Party lends an ear to gossip on cadres' graft
Heard some hot gossip about a local corrupt cadre? The Communist Party's powerful disciplinary wing wants to hear all about it.
The Central Commission for Discipline Inspection and its Central Organisation Committee gave a rare glimpse into their methods this week, publishing an article on the People's Daily website describing the activities of the five investigation teams set up last July to monitor more than 2,000 provincial officials.
The teams aimed to extract information by befriending local officials and then seeing if they could pick up any intelligence from casual conversations, the report said.
They used the 'art of conversation' and learned how to create 'a harmonious atmosphere' to lead their new friends into giving tips about official misconduct.
'We move from being colleagues to friends. When we are together, we can open up and talk about anything. They [such colleagues] have provided the patrol teams with a large amount of valuable clues and information,' the article said. 'Of course we need to honour our promise strictly and protect comrades who report the problems.'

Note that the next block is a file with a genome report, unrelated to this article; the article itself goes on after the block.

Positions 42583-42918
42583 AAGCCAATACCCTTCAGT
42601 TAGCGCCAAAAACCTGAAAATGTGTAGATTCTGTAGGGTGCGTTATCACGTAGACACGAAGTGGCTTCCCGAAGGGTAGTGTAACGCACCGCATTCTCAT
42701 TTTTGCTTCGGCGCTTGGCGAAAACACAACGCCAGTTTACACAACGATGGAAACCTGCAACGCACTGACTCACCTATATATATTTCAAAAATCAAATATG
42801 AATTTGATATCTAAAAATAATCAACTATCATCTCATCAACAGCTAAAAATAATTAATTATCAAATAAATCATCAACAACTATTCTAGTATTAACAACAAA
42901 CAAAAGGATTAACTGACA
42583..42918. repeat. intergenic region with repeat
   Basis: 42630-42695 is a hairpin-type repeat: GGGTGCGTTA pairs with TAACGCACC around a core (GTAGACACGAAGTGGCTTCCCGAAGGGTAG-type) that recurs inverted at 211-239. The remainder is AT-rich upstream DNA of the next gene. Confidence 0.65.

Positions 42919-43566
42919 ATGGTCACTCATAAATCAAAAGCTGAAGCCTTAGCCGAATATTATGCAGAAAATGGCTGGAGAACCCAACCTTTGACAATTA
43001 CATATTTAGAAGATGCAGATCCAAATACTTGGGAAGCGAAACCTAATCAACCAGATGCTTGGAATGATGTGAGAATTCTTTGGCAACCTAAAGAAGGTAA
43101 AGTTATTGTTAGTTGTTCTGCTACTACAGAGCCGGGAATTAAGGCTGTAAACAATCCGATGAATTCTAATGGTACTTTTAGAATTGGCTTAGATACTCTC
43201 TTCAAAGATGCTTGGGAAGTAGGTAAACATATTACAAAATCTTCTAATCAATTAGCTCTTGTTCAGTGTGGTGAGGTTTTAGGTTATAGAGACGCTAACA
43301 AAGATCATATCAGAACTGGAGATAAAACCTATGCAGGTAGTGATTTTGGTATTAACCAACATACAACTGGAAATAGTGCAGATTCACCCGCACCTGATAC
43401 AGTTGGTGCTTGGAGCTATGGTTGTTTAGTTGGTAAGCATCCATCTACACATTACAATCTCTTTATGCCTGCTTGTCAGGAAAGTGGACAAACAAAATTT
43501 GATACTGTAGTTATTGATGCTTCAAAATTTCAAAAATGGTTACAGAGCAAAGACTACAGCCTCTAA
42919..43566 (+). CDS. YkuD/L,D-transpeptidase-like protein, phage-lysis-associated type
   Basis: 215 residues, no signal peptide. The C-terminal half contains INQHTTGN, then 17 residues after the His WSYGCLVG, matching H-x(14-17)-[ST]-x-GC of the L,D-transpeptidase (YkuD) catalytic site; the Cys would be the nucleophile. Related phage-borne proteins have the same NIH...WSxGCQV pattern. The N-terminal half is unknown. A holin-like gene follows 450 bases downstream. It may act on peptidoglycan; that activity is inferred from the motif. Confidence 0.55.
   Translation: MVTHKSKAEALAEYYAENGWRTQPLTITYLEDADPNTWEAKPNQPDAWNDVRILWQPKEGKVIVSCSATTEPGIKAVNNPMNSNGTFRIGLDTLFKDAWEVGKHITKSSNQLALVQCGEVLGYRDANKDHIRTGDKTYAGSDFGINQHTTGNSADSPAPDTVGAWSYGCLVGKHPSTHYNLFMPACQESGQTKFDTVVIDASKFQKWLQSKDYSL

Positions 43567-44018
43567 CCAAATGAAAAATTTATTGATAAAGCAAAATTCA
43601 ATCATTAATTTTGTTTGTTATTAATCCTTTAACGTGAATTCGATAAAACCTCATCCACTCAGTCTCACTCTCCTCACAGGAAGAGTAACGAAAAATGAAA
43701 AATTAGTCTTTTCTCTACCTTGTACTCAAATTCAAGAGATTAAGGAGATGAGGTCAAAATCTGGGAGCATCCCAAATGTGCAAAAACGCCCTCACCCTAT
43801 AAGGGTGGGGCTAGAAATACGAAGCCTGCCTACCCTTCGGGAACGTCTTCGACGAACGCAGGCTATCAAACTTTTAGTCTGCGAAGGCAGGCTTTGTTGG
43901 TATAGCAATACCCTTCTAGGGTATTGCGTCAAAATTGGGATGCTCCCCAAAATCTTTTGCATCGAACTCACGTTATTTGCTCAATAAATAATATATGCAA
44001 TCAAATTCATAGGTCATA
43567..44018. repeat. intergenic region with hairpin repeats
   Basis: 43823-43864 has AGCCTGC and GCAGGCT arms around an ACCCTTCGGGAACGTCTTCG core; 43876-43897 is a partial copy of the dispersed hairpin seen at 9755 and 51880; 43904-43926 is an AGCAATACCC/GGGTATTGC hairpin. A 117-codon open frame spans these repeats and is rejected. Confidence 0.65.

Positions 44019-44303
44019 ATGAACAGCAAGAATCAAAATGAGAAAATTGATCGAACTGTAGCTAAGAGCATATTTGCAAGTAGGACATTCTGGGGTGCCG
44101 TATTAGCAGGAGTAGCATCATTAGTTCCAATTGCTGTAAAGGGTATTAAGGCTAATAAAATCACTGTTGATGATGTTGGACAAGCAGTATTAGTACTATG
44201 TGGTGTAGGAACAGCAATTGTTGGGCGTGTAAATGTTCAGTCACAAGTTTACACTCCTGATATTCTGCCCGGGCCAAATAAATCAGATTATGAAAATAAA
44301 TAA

Main areas of inspection include the provincial cadres' attitudes towards corruption, the promotion of subordinates and whether cadres or their families are involved in corruption, and what they do after work.
'Experience tells us that who an official contacts, where he goes and what he does after work are usually important ways to judge his integrity,' the article said.
Retired officials are a useful source because they do not need to worry about career prospects.
Professor Mao Shoulong of the school of public administration at People's University, described the release of the article as a move towards greater transparency in party investigation work.